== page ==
I’m fascinated by successful people who never gave-up. Whether if it’s Bill Gates overcoming failure, Richard Branson conquering dyslexia, or J.K. Rowling never giving-up despite rejection, these stories keep me going when I need a motivational boost. However, I’ve been paying extra attention to these three extraordinary individuals as of late. With no disrespect to anyone else who has their own stories of overcoming the odds, these people have really overcome the odds.
1. Soichiro Honda
“Success is only one percent of your work, and the rest – bold overcoming of obstacles” – Soichiro Honda.
Born in 1906, Honda grew up in the town of Tenryu, Japan and was the eldest son of a blacksmith who repaired bicycles. At the age of 15, he left school and moved to Tokyo. During his teens Soichiro worked as cleaner, cook, and assistant mechanic.
Despite any formal training, Honda spent his spare time building pistons for cars. He even went on to build his own car using an old aircraft engine and his handmade parts. He even gave racing a try until he nearly died following a crash.
Honda took advantage of the downtimes.
While recovering from his injuries, Honda founded his first company that produced piston rings. Unfortunately he discovered that he didn’t possess the basic knowledge of casting. He entered a technical high school, but didn’t graduate.
That didn’t stop Soichiro. His company replaced wooden propellers by mass-producing metal propellers during WWI. However, Allied bombing, along with an earthquake, destroyed most of his factory. As a result, he was forced to sell what was left to Toyota in 1945.
Establishing a research center.
He established the Honda Technical Research Institute in 1946 to motorize bicycles with small, war-surplus engines. He started selling his bikes to neighbors, but they quickly became popular in Japan. In 1948, the company was renamed Honda Motor and it began manufacturing motorcycles.
In 1951, when the Dream Type E motorcycle debuted, Honda conquered the Japanese market. By the end of the decade, his motorcycles became international bestsellers. In fact, by the 90’s Honda had 60 percent of the world’s market.
Not only was Honda a financial success, it also captured hundreds of national and international championships. Soichiro received the Order of the Sacred Treasure, first class, the highest honor bestowed by Japan’s emperor and was admitted into Automotive Hall of Fame in 1989.
Honda passed away in 1991 at the age of 84, but his legend lives on.
2. Cody McCasland
Just minutes after Tina and Mike McCasland welcomed the birth of their son of Cody in 2001 they were told that their newborn son was born with an incurable disease. As if that weren’t disheartening enough, doctors believe that Cody wouldn’t even make it through the day.
That was the first example of Cody overcoming the odds.
He not only made it that first day, he was released from the hospital. Unfortunately, at just 15 months old, he had both legs amputated. Three months later he was fitted with his first prosthesis. Again, doctors feared the worst.
“They did not think he was going to walk in his first prosthetics right away,” said Tina. “On his second day, I think, or first day of therapy, he started walking.”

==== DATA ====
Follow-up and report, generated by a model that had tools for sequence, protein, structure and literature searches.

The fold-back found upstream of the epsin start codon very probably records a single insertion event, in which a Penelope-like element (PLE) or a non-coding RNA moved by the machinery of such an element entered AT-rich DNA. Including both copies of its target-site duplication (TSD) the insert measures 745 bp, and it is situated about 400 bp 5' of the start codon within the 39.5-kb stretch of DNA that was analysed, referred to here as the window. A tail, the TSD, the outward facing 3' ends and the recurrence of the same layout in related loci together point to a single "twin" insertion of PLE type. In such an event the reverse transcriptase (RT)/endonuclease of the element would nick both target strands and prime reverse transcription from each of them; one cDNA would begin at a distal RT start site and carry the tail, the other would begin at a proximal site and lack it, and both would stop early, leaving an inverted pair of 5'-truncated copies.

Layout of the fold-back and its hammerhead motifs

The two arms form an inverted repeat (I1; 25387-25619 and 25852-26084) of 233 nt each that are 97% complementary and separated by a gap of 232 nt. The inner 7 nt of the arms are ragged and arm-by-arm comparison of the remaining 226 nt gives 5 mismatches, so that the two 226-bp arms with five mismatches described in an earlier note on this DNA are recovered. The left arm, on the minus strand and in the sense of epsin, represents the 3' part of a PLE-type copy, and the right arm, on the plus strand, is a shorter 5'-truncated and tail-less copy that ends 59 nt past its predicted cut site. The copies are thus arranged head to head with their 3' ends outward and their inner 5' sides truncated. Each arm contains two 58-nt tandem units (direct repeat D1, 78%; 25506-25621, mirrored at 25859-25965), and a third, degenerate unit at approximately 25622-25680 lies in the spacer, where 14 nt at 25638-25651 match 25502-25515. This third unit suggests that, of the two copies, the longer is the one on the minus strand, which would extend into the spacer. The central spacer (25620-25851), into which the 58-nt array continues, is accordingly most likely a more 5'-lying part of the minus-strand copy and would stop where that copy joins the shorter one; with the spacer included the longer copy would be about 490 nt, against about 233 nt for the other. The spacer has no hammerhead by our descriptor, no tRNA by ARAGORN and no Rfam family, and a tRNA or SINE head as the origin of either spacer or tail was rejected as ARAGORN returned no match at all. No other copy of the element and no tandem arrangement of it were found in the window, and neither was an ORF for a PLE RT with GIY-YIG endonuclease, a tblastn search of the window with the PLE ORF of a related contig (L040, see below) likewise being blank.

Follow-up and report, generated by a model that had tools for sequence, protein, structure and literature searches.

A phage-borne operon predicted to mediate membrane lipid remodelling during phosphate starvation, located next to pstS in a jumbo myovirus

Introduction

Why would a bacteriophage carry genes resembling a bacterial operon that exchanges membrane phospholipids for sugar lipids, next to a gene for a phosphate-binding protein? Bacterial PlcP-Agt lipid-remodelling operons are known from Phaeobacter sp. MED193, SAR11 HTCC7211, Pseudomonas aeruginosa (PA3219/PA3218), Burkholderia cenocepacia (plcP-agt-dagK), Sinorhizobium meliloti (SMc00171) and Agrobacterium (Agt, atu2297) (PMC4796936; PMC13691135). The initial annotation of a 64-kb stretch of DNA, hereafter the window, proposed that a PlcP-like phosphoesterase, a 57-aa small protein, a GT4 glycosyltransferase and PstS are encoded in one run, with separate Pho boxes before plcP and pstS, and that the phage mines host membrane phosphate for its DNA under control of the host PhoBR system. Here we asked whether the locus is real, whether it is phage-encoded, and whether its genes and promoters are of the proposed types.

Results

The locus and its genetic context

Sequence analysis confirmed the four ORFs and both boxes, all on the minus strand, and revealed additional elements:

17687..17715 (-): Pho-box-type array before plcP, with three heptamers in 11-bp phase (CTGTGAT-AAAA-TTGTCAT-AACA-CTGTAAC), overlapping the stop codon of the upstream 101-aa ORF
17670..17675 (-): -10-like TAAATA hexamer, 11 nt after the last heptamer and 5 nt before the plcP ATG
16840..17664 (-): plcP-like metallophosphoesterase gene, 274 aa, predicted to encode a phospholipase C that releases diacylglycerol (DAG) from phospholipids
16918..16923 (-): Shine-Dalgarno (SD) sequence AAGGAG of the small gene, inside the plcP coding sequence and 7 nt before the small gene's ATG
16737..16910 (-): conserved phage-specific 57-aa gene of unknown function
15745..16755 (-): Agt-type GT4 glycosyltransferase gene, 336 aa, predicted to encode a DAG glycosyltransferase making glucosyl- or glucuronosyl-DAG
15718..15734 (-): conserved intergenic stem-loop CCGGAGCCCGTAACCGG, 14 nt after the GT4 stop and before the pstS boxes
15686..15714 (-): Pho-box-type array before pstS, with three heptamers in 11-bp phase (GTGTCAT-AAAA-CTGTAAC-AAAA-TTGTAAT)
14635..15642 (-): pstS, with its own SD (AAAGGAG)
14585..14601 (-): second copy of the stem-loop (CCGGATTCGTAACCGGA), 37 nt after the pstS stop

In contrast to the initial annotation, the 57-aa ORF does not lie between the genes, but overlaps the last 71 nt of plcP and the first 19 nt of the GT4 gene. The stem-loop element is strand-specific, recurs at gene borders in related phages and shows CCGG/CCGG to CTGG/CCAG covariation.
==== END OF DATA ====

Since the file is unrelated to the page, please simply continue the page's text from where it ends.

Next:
Since then, Cody has continued to amaze and inspire.
“Cody has really done everything that they said he wouldn’t do,” Mike said. “He wasn’t supposed to be able to walk; well, he walks — he runs. He wasn’t supposed to be able to talk [because] he only has one vocal chord; yet, he just goes on forever.”
When Cody was six, he said that one of his passions was swimming. He joined the swim team and even met one of his idols, Michael Phelps, in 2012 at the Olympic Training Center in Colorado Springs.
Cody is still on the swim team and made it to the 2016 Paralympics trials. He wants to eventually become an anesthesiologist. “I want to be working at the hospital, in the operating room. I want to help people feel better.”
3. Malala Yousafzai
Malala’s story of overcoming the odds reads like a drama. Born in 1997 in the Swat District of north-west Pakistan, Malala first gained recognition when she began writing an anonymous blog for the BBC. Under the byline “Gul Makai,” Malala’s diary focused on her views on education and life under Taliban rule.
As the Taliban gained more influence in the area, Malala and her family began to fear for their safety. In fact, the family began to receive death threats for their outspoken views. When her father suggested that they stop their human rights campaigns, Malala responded by saying:
“How can we do that? You were the one who said that if we believe in something greater than our lives, then our voices will only multiply even if we are dead. We can’t disown our campaign!”
Eventually, her identity became known after worldwide recognition from publications like Vanity Fair and a documentary from The New York Times. She also received Pakistan’s first National Youth Peace Prize. Archbishop Desmond Tutu nominated her for the International Children’s Peace Prize.
The attention lead to Taliban leaders voting to kill her in 2012.
On October 9, 2012, a masked gunman shot Malala in the head. Fortunately, she went to Birmingham in the United Kingdom. to receive treatment from a specialist. Malala miraculously survived.
She was able to attend Edgbaston High School, while her father was given a job with the Pakistani consulate in Birmingham. She authored I Am Malala, influenced a UN petition, and was awarded the Nobel Peace Prize in 2014.
In 2017, she was accepted to study Politics, Philosophy and Economics (PPE) at Oxford’s Lady Margaret Hall. However, Malala continues her campaign to help children receive an education around the world.